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‘Rapid Onset Gender Dysphoria’ is a made-up term meant to hurt the trans community

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Lisa Littman is an Assistant Professor at Brown University School of Public Health. Maybe you’ve heard her name. She published an article in the peer-reviewed journal PLOS ONE entitled Rapid-Onset Gender Dysphoria in Adolescents and Young Adults: A Study of Parental Reports in 2018. Here she coined a term that was seen on conservative, anti-trans blogs and website like and ‘Rapid Onset Gender Dysphoria’.

The study concluded that transgender children come about as a sort of social contagion or the result of pressure from peers. It likens gender dysphoria to eating disorders or infectious diseases (touching on ‘outbreaks’ and ‘clusters’). Understandably this research, published in the peer-reviewed journal PLOS ONE, has come under a lot of criticism.

Individuals who reviewed the study felt that it was being weaponized by conservative media to discredit transgender identification in children and people who are gender-nonconforming. There was also a spotlight on Littman’s research methods, which were suspect at best.

She set up her study by putting out a 90-question survey for parents of transgender children. 254 parents filled out this survey, which was found on 3 trans-critical websites (Transgender Trend, Youth Trans Critical Professionals, and 4thWaveNow). What’s worse is that she explains “social peer contagion” before the survey questions, arguably planting it in the mind of these parents before they began to fill it out. Taking your samples from websites that are obviously biased and peddling anti-trans rhetoric seems to discredit the study altogether. It would yield a less biased result if the survey had also been offered to parents who accepted their transgender children or if they reached across a wide spectrum of political association. Even more confounding is that this research focuses on the parents, not the children who are actually going through it. It seems set up to reinforce the parent’s fears.

And PLOS ONE decided to pull the study for post-publication review after readers shared their concerns. Brown University pulled the press release for similar reasons, though it was still available for review on their site. Eventually, a revised paper was re-published in PLOS ONE with a new title – “Parent reports of adolescents and young adults perceived to show signs of a rapid onset of gender dysphoria”. PLOS ONE goes into detail about the changes here:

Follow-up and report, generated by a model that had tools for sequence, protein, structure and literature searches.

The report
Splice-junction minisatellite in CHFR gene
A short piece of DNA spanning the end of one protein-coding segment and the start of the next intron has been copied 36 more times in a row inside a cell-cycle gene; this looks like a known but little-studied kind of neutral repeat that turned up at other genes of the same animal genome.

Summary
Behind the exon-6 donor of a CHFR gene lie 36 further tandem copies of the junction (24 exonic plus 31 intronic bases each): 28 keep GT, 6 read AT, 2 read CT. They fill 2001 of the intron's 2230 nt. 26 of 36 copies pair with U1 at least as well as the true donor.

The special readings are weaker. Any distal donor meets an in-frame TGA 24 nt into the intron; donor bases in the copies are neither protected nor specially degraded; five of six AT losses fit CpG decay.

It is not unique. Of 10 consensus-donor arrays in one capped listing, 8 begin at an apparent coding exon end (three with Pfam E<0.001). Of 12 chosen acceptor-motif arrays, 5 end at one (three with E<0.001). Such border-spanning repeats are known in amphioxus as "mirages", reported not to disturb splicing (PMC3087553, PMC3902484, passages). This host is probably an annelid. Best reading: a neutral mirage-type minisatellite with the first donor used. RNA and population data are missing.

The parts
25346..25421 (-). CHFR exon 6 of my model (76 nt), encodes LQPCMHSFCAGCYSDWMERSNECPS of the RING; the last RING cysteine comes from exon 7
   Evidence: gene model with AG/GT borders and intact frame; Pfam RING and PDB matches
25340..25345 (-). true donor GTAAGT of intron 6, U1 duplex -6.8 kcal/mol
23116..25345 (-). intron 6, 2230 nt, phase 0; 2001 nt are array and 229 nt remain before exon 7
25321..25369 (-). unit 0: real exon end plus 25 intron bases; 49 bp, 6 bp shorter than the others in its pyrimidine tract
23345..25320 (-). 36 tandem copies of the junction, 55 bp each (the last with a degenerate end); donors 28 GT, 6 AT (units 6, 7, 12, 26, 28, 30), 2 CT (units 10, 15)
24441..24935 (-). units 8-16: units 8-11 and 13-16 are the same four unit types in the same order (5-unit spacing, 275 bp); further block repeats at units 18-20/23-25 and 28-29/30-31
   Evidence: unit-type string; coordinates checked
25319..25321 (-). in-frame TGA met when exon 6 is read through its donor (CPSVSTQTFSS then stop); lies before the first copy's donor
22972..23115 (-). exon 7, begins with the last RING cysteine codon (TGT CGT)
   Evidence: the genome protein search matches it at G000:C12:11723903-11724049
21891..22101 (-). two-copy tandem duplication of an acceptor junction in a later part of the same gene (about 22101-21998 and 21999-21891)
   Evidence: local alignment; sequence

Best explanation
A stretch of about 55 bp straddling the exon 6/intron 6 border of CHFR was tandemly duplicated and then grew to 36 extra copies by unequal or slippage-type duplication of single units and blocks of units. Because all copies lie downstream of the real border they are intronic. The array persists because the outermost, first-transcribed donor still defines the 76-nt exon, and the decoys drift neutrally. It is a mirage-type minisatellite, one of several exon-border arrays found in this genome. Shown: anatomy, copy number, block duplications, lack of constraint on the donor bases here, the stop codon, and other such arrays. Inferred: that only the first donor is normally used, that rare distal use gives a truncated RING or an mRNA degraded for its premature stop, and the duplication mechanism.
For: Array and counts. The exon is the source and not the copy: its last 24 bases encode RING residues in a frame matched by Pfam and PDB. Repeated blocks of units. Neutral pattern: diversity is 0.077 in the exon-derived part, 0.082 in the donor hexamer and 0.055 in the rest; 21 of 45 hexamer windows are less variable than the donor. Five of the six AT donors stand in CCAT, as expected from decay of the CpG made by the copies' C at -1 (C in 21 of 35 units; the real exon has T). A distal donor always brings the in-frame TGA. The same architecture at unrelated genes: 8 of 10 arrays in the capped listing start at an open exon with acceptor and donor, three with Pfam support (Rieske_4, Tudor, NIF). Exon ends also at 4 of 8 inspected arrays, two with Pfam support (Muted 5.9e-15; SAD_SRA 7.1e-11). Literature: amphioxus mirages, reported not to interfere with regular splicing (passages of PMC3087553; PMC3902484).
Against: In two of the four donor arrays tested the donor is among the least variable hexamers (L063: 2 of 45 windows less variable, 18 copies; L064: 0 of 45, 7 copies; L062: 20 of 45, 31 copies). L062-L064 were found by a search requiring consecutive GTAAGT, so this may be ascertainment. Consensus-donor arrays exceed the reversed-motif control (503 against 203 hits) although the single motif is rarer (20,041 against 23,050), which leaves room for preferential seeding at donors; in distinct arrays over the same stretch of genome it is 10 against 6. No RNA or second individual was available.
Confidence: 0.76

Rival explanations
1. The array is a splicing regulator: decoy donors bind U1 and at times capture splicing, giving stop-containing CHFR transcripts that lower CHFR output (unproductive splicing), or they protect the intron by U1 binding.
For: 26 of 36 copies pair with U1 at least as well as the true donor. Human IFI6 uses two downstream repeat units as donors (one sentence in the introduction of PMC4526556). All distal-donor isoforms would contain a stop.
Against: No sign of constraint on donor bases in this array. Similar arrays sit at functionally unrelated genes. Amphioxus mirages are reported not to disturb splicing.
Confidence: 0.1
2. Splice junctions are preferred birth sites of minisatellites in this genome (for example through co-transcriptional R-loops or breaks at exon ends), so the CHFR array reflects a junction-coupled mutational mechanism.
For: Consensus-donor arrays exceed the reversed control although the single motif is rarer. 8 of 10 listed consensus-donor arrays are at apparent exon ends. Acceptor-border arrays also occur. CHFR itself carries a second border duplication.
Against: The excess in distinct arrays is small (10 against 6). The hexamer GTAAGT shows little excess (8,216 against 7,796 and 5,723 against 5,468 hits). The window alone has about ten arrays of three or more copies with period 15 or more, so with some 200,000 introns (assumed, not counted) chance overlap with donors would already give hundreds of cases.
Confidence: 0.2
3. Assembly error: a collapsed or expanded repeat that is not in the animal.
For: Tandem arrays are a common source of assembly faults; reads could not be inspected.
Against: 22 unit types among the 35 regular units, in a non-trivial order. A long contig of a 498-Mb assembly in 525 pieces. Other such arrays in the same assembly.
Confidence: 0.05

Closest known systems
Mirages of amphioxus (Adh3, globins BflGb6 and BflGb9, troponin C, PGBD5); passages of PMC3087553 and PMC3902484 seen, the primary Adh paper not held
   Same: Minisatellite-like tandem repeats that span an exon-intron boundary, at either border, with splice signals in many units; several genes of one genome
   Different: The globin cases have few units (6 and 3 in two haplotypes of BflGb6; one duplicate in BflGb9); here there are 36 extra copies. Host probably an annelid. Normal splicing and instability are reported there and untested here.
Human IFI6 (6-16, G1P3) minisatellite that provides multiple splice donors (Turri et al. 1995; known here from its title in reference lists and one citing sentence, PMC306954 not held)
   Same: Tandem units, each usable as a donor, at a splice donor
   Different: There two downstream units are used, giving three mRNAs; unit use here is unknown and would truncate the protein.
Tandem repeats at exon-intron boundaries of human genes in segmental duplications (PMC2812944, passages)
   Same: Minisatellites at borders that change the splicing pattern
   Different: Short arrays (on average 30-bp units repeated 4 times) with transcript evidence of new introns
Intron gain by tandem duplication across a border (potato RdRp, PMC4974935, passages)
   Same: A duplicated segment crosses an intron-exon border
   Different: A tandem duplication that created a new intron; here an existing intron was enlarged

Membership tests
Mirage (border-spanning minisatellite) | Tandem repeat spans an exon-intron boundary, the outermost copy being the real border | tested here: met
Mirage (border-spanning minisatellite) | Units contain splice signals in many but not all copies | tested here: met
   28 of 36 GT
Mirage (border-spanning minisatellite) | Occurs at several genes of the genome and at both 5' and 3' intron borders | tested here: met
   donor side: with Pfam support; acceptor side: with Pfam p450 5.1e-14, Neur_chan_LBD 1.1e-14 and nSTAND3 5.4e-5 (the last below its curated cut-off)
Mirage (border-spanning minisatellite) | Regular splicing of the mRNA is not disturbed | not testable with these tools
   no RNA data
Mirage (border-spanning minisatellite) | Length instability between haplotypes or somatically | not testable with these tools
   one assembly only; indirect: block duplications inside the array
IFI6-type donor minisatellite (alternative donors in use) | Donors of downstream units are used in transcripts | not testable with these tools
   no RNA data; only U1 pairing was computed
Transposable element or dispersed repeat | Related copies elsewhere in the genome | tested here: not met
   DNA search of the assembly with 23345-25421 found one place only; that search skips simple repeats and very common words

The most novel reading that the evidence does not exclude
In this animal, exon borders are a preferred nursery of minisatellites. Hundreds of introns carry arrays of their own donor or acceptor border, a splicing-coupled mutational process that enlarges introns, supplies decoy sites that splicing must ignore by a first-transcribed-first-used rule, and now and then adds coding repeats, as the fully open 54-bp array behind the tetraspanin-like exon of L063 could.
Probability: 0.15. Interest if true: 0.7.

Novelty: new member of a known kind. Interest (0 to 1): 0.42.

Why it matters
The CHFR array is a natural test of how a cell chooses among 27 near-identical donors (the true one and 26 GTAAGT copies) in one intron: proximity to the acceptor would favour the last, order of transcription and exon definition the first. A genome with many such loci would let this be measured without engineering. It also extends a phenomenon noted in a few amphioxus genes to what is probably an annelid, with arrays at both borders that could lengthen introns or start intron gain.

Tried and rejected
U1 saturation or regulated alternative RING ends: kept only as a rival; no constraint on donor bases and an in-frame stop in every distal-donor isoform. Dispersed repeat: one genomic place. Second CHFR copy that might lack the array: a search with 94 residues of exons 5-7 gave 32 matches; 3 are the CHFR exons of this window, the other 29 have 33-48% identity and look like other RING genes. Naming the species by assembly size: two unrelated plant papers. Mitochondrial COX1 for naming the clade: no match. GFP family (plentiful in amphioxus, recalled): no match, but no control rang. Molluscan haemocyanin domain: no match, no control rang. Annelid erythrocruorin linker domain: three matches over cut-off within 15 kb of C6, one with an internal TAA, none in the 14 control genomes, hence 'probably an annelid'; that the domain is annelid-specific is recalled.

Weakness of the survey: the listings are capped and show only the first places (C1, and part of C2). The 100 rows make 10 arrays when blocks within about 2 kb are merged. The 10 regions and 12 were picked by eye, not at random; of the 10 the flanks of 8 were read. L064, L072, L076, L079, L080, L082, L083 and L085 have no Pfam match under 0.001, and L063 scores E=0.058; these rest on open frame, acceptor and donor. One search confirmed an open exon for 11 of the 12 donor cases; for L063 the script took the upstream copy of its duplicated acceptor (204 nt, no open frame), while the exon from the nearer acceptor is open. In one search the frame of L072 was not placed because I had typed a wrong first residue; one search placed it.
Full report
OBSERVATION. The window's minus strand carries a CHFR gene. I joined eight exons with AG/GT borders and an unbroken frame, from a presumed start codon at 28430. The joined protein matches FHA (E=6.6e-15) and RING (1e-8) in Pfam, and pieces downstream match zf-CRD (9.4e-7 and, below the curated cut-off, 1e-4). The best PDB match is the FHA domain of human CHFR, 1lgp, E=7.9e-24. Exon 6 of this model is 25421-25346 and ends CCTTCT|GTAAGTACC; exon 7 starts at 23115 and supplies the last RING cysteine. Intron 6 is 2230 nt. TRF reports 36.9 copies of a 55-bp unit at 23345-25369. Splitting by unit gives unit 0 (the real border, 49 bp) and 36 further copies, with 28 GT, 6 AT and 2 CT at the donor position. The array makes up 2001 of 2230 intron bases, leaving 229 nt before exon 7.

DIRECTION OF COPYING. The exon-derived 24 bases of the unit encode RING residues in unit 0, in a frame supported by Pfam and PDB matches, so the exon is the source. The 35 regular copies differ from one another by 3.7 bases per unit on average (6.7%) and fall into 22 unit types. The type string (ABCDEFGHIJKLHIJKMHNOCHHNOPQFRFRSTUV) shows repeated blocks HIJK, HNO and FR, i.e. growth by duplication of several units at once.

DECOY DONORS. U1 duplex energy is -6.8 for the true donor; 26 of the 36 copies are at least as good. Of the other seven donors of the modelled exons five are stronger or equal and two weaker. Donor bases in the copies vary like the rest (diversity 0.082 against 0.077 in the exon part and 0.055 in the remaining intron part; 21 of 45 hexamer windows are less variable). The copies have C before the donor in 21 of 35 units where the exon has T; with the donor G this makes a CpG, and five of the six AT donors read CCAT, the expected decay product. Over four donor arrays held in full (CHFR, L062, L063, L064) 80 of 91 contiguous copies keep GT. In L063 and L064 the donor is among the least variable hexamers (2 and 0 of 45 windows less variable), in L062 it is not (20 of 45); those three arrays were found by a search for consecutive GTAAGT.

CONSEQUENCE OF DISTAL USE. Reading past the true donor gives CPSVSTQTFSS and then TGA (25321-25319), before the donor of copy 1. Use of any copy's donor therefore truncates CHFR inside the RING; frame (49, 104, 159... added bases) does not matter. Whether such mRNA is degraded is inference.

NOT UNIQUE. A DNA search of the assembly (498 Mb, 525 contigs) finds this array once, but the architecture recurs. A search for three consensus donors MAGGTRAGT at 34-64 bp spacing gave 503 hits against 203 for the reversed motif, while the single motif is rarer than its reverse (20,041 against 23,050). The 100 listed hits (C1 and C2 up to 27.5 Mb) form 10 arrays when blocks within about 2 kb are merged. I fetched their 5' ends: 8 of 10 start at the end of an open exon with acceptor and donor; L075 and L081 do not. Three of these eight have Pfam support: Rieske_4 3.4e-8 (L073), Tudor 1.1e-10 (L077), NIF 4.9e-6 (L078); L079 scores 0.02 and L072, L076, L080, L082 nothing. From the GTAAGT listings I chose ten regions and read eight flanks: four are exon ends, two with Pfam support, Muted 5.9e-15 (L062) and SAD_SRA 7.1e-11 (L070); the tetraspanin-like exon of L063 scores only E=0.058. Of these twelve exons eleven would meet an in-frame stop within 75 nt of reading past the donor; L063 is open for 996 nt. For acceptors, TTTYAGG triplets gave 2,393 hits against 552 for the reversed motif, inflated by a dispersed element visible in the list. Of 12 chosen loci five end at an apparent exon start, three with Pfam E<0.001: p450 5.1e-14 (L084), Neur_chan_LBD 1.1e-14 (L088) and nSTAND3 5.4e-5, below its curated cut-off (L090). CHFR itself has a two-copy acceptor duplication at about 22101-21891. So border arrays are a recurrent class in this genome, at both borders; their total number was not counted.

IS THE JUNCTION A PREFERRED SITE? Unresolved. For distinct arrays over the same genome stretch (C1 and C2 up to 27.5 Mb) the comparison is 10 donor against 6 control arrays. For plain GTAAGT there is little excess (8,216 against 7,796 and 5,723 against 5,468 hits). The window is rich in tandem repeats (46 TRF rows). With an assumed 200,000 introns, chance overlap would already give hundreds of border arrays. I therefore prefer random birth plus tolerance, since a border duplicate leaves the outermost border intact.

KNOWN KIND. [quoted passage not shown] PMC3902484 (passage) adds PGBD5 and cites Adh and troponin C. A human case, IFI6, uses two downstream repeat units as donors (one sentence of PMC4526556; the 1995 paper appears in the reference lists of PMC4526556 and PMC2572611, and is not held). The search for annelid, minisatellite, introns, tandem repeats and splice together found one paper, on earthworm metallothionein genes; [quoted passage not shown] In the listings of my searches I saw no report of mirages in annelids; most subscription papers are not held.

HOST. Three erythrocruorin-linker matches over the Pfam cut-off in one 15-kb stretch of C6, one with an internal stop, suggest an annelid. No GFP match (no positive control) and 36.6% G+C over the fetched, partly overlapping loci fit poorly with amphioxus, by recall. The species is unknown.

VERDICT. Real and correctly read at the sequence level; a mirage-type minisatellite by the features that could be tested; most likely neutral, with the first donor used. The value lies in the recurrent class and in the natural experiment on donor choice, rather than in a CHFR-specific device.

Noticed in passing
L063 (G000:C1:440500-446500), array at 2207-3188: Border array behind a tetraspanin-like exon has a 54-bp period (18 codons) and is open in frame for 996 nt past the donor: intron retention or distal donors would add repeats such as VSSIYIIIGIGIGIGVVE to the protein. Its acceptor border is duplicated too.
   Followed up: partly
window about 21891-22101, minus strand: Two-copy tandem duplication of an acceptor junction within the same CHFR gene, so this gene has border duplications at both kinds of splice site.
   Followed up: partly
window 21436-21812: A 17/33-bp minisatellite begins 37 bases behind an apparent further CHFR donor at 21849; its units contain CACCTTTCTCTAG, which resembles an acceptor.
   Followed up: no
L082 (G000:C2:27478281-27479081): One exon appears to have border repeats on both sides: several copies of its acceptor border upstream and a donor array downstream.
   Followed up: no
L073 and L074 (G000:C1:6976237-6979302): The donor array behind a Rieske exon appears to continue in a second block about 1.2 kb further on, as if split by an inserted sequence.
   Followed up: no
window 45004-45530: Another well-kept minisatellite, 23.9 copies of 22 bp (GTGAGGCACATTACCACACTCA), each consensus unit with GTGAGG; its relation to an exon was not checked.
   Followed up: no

After publication of this article [1], questions were raised that prompted the journal to conduct a post-publication reassessment of the article, involving senior members of the journal’s editorial team, two Academic Editors, a statistics reviewer, and an external expert reviewer. The post-publication review identified issues that needed to be addressed to ensure the article meets PLOS ONE’s publication criteria. Given the nature of the issues in this case, the PLOS ONE Editors decided to republish the article, replacing the original version of record with a revised version in which the author has updated the Title, Abstract, Introduction, Discussion, and Conclusion sections, to address the concerns raised in the editorial reassessment. The Materials and methods section was updated to include new information and more detailed descriptions about recruitment sites and to remove two figures due to copyright restrictions. Other than the addition of a few missing values in Table 13, the Results section is unchanged in the updated version of the article

Brown University seemed to double down on the research, citing academic freedoms:

[faculty members]…have the right to conduct research on topics they choose. This is the case even for research that leads them into politically controversial territory. Brown gives its full support to this faculty member to conduct her research and publish her work.